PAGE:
“Why are You Showing me That?” The Decision-Making Behind IdeaScale’s New Reporting

Over the next couple of months, IdeaScale will be rolling out a suite of new reports alongside improvements to our ability to integrate with Analytics and BI tools. Upgrading our reporting has been a long-held goal of our team and we’re excited to start letting customers get their hands of the Beta version of the new tools.

As we get ready to roll out the feature, we wanted to take some time to talk about how it works, why it works like it does and how our IdeaScale feedback community is going to help us with the next steps.

I honestly don’t want to tell you when the first mocks for reporting improvements were made here at IdeaScale. It was a while ago. Actually, it was a little more than a while ago and it’s kind of fun to look back and see what has changed and what hasn’t. The oldest version I can find looked something like this:

old reporting
What strikes me most about this mock is a key similarity to what we ended up releasing; it’s relatively simple. The experience we wanted to create with these reports was one that encouraged action by focusing on the key data that administrators need to get their job done. There are only 3 graphs and 3 tables in this initial release, but each can be segmented according to the four factors our customers use most commonly to organize their community: campaign, group, custom field response and/or by custom profile question –  and each has a particular set of use cases in mind.

Administrators monitoring the activity in their campaign can now quickly and easily check total activity and track user conversion from visits to participants. This data will help you make real-time decisions about messaging. Have high visitor numbers, but few ideas? Try targeting existing users with content that encourages submission and removes the fear of a bad idea.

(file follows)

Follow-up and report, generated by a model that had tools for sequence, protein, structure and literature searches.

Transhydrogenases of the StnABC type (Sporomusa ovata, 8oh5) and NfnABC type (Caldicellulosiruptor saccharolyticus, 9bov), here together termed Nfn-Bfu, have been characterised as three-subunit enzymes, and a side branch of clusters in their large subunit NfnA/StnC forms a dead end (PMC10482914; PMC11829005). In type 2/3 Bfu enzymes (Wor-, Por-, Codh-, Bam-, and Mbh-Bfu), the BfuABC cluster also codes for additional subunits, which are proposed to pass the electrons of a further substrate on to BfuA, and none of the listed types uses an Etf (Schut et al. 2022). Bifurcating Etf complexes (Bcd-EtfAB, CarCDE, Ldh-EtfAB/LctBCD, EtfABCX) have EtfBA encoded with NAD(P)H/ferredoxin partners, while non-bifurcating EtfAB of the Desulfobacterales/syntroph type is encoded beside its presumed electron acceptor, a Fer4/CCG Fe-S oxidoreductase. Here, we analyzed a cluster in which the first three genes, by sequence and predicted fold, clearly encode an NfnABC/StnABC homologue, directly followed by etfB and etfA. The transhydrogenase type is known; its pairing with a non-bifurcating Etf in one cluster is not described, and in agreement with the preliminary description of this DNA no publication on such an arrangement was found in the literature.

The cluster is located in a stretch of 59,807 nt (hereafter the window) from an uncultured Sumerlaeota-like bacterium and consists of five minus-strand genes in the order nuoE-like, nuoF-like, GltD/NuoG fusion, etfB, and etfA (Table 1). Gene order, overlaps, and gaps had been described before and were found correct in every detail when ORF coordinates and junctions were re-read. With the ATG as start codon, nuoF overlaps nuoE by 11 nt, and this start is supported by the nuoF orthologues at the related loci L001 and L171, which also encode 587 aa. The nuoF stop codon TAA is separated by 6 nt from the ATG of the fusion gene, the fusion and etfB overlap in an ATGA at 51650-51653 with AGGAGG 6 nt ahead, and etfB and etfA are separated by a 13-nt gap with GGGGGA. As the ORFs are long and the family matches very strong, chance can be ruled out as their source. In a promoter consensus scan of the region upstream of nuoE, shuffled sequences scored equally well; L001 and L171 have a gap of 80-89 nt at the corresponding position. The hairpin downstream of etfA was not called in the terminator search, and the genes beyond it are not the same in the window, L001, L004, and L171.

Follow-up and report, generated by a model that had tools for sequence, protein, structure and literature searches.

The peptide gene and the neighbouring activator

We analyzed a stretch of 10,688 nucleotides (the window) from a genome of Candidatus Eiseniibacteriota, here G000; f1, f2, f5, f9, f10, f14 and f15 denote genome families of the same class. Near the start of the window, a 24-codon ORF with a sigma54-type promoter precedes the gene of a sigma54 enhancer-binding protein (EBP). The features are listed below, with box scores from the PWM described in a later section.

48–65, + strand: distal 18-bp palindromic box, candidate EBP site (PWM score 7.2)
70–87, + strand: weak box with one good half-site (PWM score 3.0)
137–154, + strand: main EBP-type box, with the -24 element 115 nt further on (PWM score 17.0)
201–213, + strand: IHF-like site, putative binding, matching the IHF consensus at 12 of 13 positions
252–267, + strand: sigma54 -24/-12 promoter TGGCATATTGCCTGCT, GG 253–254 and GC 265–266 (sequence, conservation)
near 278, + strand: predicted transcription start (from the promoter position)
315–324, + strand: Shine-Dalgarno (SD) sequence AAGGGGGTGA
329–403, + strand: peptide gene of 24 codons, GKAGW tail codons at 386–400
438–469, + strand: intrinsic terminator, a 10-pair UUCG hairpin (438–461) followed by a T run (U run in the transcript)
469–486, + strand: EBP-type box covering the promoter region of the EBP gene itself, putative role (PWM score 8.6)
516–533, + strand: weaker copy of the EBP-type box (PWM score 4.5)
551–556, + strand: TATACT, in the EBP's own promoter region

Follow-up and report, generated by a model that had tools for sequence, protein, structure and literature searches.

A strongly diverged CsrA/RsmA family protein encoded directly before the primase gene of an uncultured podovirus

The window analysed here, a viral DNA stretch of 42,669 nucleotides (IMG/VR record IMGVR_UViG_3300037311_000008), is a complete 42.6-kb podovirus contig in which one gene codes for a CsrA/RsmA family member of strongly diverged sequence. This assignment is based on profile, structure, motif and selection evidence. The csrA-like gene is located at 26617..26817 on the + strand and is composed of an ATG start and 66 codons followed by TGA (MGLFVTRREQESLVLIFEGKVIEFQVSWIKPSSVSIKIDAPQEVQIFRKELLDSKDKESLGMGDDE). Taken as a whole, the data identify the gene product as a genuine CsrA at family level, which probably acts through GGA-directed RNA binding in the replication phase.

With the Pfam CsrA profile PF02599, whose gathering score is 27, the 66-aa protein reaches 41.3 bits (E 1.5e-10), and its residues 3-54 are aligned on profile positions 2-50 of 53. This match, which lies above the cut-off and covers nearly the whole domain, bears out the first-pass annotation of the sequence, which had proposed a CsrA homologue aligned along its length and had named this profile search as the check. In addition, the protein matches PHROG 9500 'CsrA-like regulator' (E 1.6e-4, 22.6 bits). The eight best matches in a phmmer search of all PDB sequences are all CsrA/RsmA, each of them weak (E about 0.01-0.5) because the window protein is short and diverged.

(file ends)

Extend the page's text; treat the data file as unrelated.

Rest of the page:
Administrators managing complex moderation processes can check that key actions are taking place. Administrators can also monitor moderator activity over time, and break it down by campaign or group. Check that at least 1 moderator action is being taken per idea and ensure that certain campaign are not being overlooked with the “Moderator Actions” activity type in Activity Trends.

A gif of the Engage section of reporting being tested on our QA server.

Community Managers can monitor the delivery of ideas to the real world. You can track both the number of completed and selected ideas in the new Outcomes page, allowing you to track and summarize the rate at which your program impacts the world.

Administrators can make sure they never miss key information using our in-built Innovation Assistant, which lets you know early about any worrying trends in your community. These alerts are also sent to your IdeaScale representative, so that both your team and our team are always on top of what is happening in your community.

A mock of the Outcomes section of reporting currently in development, including some Innovation Assistant notifications.

Reporting in an Analytics Ecosystem